July 29, 2014
by Steve Malone
The Mount St. Helens area has received a lot of attention recently. The apparent big increase in located events seen on the "Quakes near volcanoes" plot has generated some interest and questions from the public. So, is this activity unusual? Does it mean the volcano is preparing to erupt? There is, of course the iMUSH experiment taking place there now that includes some explosions that the PNSN locates. But these are only half a dozen of the 87 events located near the mountain in the past month.
Another way of looking at the changing seismicity rate is a cumulative seismicity plot in which the number of events occurring before a certain date are plotted against that date. Above is a last 6-month cumulative seismicity plot for the area around Mount St. Helens (shown in the map below). The obvious increase in slope starting in mid-june and again in early July represents increases in event rate. This is exactly the kind of plot that alerts a volcano seismologist to volcanic unrest that could lead to an eruption.
BUT, BE CAREFUL! Interpreting such plots without understanding the nature of the data used can be highly misleading. Note that the data used is for a region around the Mountain from north of Spirit Lake to south of the Swift River reservoirs and many of the events showing up are not from the volcano at all.
Here is a seismicity map of the Mount St. Helens region for the past three months. The symbol colors are proportional to the event depth; red les than 1 km deep progressing to blue for events deeper than 10 km. The star symbols are for known and probable explosions (quarry blasts and iMUSH shots). While many of the events, particularly small ones, are located right under the volcano there are also many events at quite a distance away. Such distant events are rarely related to pre-eruption unrest.
However, much more important to the interpretation of the apparent seismicity increase is the way the event catalog was produced. With the installation of iMUSH passive experiment seismic stations starting in mid-june much greater care has been taken to detect and locate every possible seismic event in the region. Typically the PNSN uses an automatic seismic event detector that recognizes when seismic signals on several stations becomes significantly larger than the normal background signals and interprets this as an earthquake of possible interest. This technique works very well for most earthquakes, certainly those large enough to be felt or of much significance. However, very small events whose signals are not much different than background levels are missed. During the iMUSH project PNSN staff are spending extra time examining the seismic records by hand and using special versions of the records such as spectrograms to detect the absolute smallest events. Also, Dr. John Vidale, the PNSN director, has adapted some research software to run specifically on Mount St. Helens data to help detect the very smallest of small events.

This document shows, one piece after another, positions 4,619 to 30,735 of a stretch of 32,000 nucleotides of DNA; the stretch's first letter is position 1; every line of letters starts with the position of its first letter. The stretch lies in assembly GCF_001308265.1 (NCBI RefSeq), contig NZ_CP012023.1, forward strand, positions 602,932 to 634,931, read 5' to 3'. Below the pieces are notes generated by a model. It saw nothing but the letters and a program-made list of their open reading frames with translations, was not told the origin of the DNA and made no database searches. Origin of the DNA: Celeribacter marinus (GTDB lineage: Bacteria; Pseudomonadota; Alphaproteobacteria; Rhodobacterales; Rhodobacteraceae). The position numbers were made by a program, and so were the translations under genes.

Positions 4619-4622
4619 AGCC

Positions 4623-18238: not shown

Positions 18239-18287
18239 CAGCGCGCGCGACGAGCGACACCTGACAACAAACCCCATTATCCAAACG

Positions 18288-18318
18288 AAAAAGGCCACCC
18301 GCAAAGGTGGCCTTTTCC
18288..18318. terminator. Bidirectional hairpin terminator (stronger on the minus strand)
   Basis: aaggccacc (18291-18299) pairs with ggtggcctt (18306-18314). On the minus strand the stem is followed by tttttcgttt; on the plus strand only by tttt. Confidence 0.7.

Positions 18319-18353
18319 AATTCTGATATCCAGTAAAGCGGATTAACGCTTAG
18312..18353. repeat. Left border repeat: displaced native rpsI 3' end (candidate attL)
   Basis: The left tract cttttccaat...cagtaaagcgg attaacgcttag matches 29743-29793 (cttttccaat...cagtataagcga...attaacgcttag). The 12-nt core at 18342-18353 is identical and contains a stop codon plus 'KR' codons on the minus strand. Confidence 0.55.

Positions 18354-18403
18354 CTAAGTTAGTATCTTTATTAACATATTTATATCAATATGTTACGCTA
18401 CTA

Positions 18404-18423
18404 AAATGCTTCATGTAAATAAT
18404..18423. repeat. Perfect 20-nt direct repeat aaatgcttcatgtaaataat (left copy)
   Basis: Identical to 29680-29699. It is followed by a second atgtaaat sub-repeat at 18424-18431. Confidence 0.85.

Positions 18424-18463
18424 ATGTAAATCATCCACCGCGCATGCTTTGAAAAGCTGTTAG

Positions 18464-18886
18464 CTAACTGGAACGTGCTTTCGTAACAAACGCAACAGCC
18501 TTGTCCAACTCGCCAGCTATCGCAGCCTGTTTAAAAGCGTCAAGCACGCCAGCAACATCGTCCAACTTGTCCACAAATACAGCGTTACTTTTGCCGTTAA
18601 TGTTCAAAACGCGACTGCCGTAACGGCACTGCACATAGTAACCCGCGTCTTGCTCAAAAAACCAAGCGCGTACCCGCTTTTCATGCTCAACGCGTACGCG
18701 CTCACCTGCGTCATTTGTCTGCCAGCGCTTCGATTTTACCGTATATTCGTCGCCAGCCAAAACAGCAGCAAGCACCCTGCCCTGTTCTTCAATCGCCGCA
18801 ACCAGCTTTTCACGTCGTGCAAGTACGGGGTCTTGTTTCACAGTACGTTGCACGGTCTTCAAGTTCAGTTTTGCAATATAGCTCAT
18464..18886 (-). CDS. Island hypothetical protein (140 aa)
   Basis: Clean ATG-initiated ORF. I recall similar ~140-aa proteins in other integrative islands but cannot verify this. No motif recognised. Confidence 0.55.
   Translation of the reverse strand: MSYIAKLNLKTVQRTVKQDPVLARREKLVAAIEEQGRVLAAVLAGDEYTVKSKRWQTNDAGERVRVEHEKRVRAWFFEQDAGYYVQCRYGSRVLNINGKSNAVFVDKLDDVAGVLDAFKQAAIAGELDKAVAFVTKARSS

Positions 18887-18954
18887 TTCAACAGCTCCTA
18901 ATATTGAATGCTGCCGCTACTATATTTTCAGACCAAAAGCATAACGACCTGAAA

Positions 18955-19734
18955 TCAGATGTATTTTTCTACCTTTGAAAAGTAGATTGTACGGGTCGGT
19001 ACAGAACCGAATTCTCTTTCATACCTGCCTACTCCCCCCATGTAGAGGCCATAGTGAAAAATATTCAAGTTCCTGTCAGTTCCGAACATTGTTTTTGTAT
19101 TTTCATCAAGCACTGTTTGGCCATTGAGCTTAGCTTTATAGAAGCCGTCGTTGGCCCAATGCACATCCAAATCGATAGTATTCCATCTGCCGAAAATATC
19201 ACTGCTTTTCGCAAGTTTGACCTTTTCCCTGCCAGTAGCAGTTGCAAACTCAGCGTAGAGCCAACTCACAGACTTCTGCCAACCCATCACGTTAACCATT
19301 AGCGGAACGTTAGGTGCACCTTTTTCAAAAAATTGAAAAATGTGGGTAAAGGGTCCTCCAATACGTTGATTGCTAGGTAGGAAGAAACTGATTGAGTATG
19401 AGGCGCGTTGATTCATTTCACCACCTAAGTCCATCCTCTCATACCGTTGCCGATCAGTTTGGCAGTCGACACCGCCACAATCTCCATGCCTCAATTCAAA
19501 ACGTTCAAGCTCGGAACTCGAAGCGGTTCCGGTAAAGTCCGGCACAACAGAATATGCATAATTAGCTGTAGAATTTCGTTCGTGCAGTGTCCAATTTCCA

To illustrate this change in detection threshold above is a plot of individual event magnitude versus time. Note that in May and early June few events were around magnitude 0 (zero) or less. (NOTE: keep in mind that magnitude is an open-ended logarithmic scale in which earthquakes of magnitude 0 are ten times smaller than magnitude 1 and magnitude -1 is yet 10 times smaller than a magnitude 0). After mid-June most of the events are less than magnitude 0. That is, the detection of the very smallest events since mid-June gives the impression that many more events are occurring when in fact it is just an artifact of the extra care being taken to detect very small events.
Thus, while for a volcano seismologist it would be quite interesting and even exciting to observe a real increase in seismicity related to the volcano, it looks as if that is not the case. We see no evidence of volcanic unrest what so ever, just the results of curious scientists looking closer at normal, background activity.
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